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Weather models can be taken out of context during hurricane season. Here's why.

Forecast models are amazing tools, but they are not forecasts.
Credit: Tropical Tidbits

TAMPA, Fla — With hurricane season just around the corner, there will be a slew of click-worthy forecast images on the internet and social media that may be taken out of context.

During hurricane season, terms like "GFS" and "European" get thrown around by forecasters and may confuse those who are not as hip to meteorological jargon. Those are the nicknames of two popular global numerical computer weather models —  future simulations of the atmosphere. 

Our meteorologists here at 10 Tampa Bay use different models in our forecasts every day, and the experts at the National Hurricane Center use and review numerous models to determine the official track of a storm. 

Models like the European Centre for Medium-Range Weather Forecasts, ("Euro" for short) or the Global Forecast System (GFS) are excellent tools used for both daily and long-term tropical forecasting. 

The GFS, for instance, is great on days one through five. By day eight and beyond, model runs become pretty uncertain and need to be taken with a grain of salt. 

At the end of the day, these are mathematical models that are playing a very educated guessing game. Let's break it down even further.

Below are three back-to-back runs of the GFS from the same day. Model times are noted in "Zulu Time," which is a universal time used in the military, navigation and forecasting.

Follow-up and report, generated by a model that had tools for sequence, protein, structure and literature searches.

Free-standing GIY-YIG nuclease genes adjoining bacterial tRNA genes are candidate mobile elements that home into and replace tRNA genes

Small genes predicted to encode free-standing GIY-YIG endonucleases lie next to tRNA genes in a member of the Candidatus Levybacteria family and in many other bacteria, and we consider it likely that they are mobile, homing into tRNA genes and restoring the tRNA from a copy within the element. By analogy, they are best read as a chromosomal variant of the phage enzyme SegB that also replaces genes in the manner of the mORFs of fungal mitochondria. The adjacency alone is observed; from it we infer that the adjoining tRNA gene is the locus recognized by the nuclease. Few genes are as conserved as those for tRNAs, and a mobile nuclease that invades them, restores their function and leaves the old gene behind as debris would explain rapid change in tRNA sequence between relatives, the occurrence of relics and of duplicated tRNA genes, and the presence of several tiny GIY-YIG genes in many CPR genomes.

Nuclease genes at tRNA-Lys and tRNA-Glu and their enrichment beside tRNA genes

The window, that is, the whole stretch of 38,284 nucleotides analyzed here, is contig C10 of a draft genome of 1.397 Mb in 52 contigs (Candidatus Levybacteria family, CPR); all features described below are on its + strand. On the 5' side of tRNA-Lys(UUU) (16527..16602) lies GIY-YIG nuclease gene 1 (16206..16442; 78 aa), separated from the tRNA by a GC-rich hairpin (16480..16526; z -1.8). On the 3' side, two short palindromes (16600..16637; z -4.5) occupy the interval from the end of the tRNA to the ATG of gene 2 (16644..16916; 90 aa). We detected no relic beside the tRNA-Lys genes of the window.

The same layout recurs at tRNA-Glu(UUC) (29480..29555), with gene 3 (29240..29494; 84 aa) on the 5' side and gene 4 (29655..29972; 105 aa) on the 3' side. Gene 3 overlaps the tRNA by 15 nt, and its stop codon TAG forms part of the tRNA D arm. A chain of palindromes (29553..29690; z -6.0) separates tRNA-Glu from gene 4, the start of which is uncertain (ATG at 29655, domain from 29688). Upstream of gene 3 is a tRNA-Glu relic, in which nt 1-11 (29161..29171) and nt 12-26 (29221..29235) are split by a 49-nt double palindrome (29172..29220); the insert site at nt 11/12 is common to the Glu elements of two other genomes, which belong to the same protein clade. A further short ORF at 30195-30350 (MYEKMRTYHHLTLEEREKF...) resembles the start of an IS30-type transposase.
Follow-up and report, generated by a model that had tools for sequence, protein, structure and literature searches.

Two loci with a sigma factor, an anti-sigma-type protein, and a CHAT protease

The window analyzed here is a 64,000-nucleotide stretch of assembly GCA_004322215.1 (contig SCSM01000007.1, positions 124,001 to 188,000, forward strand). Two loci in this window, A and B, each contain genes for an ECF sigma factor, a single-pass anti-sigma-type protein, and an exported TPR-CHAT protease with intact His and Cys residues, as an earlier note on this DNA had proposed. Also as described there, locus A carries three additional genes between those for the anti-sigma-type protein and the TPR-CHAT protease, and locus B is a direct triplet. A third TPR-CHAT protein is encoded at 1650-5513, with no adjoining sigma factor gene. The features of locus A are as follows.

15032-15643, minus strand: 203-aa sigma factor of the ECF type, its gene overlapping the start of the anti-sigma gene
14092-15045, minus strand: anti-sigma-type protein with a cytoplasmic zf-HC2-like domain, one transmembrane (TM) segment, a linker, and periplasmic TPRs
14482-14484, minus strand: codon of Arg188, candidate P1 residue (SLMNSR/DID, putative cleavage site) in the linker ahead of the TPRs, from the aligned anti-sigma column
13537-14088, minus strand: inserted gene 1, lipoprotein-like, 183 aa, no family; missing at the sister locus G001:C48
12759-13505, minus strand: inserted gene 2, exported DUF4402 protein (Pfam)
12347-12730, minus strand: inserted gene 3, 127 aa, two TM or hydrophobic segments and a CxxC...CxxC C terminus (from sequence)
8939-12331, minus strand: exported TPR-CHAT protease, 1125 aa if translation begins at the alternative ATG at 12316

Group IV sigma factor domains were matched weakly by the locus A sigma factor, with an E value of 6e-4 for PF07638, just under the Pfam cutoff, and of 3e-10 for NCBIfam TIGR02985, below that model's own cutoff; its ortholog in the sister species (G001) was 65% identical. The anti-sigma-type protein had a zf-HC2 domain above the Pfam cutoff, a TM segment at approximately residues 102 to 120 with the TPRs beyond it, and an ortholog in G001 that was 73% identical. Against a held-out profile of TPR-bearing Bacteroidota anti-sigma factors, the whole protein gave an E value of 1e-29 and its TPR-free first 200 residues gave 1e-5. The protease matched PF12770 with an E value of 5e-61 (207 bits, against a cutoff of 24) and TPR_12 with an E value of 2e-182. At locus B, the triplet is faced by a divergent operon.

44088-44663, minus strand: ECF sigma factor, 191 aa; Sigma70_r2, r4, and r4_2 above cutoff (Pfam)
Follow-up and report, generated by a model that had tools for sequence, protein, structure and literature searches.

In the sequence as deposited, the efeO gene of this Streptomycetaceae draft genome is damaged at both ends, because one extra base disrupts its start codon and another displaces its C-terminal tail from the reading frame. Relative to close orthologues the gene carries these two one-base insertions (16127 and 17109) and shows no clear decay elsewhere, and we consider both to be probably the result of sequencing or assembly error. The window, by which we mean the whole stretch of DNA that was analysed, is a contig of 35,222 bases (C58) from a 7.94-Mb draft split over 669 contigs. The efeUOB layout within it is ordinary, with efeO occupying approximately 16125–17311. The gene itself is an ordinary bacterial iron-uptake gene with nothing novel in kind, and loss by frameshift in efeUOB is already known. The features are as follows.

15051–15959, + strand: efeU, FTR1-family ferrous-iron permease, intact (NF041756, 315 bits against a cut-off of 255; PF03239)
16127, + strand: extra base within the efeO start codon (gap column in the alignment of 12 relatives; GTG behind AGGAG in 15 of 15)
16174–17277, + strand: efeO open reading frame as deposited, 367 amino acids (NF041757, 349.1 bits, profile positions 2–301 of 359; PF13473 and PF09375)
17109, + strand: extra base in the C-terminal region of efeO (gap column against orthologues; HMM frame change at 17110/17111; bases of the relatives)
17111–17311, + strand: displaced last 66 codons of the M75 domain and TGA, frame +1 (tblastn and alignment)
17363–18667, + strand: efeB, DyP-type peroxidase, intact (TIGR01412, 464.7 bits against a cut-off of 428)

This model is run four times a day at 0Z, 6Z, 12Z, and 18Z. These images are stopped at the same time on Friday, May 27 at 00Z, or 7 p.m. eastern time. Notice how each run is completely different.  

May 11 GFS | 12Z Run

Credit: Tropical Tidbits

The 12Z run shows a closed low forming in the southwestern Caribbean Sea. In comparison, the previous run below, the 6Z, shows a full-blown tropical storm or hurricane pushing into the northern Gulf Coast.

That could be alarming to anyone at a quick glance. 

May 11 GFS | 6Z Run

Credit: Tropical Tidbits

While the two runs above show a storm of some sort forming in the Caribbean, the 0Z run shows, well, nothing. This is why we never hold one model as truth, especially when looking nearly two weeks out.  

May 11 GFS |  00Z Run

Credit: Tropical Tidbits

While the features we're seeing on long-range models do indicate that the tropics are waking up, these runs are just assumptions, and each model produces different results. 

We have nothing to worry about right now. 

The time to become aware is when the National Hurricane Center issues a Tropical Weather Outlook on a particular disturbance or system that they are monitoring. The NHC will release updates throughout the day regarding the location, intensity, and movement of all systems in the Atlantic.

As a reminder, one model is not a forecast and never reflects the official hurricane track issued by the experts at the National Hurricane Center.  

    

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